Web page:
Guernsey

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This article is about the British Crown dependency. For other uses, see Guernsey (disambiguation).
Bailiwick of Guernsey
Bailliage de Guernesey
Flag Coat of arms
Anthem: 
God Save the Queen  (official)
Sarnia Cherie  (official) a
Location of  Guernsey  (States of Guernsey within circle)
Location of  Guernsey  (States of Guernsey within circle)
Capital St. Peter Port (St. Pierre Port)
49°27′N 2°33′W / 49.450°N 2.550°W / 49.450; -2.550
Official languages
Recognised regional languages
Ethnic groups North European (predominant)
Government British Crown dependency !--masculine gender, even when holder is female-->
 -  Lieutenant Governor Peter Walker
 -  Chief Minister Jonathan Le Tocq
British Crown dependency
 -  Administratrive separation from mainland Normandy
1204 
 -  Liberation
from Nazi Germany

9 May 1945 
Area
 -  Total 78 km2 (223rd)
30.1 sq mi
 -  Water (%) 0
Population
 -  2012 estimate 65,345 (206th)
 -  Density 837.8/km2 (14th)
2,170.9/sq mi
GDP (PPP) 2003 estimate
 -  Total $2.1 billionc (176th)
 -  Per capita £33,123c (10th)
HDI (2008) 0.975[1]
very high · 9th
Currency Pound sterlingc (GBP)
Time zone GMT
 -  Summer (DST)  (UTC+1)
Drives on the left
Calling code +44d
ISO 3166 code GG
Internet TLD .gg
a. For occasions when distinguishing anthem required.[citation needed]
b. Now extinct.[2]
c. The States of Guernsey issue their own sterling coins and banknotes (see Guernsey pound).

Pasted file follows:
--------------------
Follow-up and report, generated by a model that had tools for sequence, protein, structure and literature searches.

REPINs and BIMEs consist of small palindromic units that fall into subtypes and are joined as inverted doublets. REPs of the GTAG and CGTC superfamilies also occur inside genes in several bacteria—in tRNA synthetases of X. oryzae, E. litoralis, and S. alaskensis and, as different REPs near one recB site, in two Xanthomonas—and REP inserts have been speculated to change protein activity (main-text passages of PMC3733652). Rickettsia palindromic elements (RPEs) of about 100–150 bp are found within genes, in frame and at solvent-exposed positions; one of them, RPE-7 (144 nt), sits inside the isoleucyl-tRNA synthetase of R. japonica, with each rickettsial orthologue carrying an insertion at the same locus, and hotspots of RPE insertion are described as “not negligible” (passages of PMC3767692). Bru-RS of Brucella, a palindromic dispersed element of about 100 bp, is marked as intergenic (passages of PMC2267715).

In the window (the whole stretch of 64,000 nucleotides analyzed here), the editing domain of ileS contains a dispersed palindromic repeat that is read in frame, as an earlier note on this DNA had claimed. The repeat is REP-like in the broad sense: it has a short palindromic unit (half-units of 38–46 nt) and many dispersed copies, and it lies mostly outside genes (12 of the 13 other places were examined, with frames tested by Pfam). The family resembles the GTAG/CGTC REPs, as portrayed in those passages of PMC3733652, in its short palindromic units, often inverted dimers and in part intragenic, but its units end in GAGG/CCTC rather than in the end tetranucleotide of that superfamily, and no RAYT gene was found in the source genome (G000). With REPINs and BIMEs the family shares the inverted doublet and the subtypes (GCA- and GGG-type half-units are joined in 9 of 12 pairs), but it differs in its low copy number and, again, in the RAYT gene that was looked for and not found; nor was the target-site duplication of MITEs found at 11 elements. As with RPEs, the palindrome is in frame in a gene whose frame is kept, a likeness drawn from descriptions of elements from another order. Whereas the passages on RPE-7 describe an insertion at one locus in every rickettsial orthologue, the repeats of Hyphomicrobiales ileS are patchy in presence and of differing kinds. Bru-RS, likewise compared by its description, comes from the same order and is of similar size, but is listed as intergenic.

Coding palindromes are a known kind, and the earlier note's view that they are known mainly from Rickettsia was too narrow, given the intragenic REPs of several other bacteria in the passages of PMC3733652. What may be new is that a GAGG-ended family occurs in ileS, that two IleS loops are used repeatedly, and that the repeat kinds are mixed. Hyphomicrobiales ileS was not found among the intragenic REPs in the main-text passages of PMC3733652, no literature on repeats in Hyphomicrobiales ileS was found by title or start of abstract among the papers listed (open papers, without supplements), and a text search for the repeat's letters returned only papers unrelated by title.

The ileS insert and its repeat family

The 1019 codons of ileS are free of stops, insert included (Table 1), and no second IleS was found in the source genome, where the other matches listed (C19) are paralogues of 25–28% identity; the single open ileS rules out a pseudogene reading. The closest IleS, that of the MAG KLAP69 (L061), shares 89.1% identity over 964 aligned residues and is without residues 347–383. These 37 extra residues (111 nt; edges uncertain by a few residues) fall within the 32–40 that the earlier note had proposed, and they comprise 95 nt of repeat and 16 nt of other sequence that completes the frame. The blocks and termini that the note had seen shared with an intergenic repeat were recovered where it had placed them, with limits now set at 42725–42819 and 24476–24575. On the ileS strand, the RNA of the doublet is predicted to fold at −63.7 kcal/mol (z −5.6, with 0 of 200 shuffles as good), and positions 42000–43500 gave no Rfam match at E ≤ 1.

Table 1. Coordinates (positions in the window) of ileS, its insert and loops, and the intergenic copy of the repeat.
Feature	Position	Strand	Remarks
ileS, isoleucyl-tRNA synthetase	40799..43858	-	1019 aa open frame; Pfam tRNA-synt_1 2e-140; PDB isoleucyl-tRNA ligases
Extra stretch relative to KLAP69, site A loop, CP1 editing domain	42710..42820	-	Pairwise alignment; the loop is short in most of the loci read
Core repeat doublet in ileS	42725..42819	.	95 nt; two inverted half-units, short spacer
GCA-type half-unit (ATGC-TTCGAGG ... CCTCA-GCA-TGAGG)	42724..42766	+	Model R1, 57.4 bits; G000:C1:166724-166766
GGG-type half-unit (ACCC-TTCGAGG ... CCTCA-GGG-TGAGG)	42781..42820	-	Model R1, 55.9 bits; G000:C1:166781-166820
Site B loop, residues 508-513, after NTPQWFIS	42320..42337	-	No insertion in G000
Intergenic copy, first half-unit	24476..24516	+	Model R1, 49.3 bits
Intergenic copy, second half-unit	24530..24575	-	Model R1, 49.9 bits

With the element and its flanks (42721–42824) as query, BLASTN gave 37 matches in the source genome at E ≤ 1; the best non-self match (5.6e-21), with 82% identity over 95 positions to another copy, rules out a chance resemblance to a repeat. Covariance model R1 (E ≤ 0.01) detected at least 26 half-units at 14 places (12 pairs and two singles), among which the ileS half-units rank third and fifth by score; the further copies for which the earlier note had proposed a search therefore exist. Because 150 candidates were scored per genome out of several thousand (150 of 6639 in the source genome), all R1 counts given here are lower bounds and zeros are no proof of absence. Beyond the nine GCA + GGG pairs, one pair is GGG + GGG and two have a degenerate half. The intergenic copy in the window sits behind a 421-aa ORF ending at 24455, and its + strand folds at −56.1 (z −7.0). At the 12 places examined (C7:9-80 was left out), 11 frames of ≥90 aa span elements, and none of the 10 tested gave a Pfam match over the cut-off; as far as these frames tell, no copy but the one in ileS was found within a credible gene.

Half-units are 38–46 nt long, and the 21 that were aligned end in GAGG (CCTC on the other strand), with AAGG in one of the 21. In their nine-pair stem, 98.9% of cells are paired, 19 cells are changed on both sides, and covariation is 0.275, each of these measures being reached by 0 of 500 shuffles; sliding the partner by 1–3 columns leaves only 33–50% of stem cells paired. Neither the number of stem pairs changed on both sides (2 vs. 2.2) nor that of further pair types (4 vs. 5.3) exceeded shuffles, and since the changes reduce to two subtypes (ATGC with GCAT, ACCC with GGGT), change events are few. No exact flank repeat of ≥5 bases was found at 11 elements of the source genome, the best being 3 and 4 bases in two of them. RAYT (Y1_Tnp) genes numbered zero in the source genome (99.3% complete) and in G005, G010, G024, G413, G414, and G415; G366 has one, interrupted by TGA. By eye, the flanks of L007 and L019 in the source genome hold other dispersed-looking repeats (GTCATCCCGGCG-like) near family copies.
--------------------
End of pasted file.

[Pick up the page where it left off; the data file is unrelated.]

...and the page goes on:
d.
  • +44 1481 (landline)
  • +44 7781 (Cable & Wireless Guernsey Ltd)
  • +44 7839 (Guernsey Airtel / Cable & Wireless Guernsey Ltd)
  • +44 7911 (Wave Telecom / 24 Seven Communications Ltd)

Guernsey (/ˈgɜ:nzi/, /ˈɡɜrnzi/ GURN-zee), officially the Bailiwick of Guernsey (French: Bailliage de Guernesey, IPA: [bajaʒ də ɡɛʁnəzɛ]), is a possession of the Crown in right of Guernsey in the English Channel, off the coast of Normandy. As a bailiwick, Guernsey embraces not only all ten parishes on the Island of Guernsey, but also the islands of Alderney and Sark – each with its own parliament – and the smaller islands of Herm, Jethou and Lihou. Although its defence is the responsibility of the United Kingdom,[3] the Bailiwick is not part of the United Kingdom but rather a possession of the British Crown. It lies within the Common Travel Area of the British Isles and is not a member of the European Union, but has a special relationship with it, being treated as part of the European Community for the purposes of free trade in goods. Together, the Bailiwick of Guernsey and Bailiwick of Jersey form the geographical grouping known as the Channel Islands.

Etymology[edit]

The name "Guernsey", as well as that of neighbouring "Jersey", is of Old Norse origin. The second element of each word, "-ey", is the Old Norse for "island", while "Guern" resembles the Spanish Cuerno and means horns.[citation needed]

History[edit]

Main article: History of Guernsey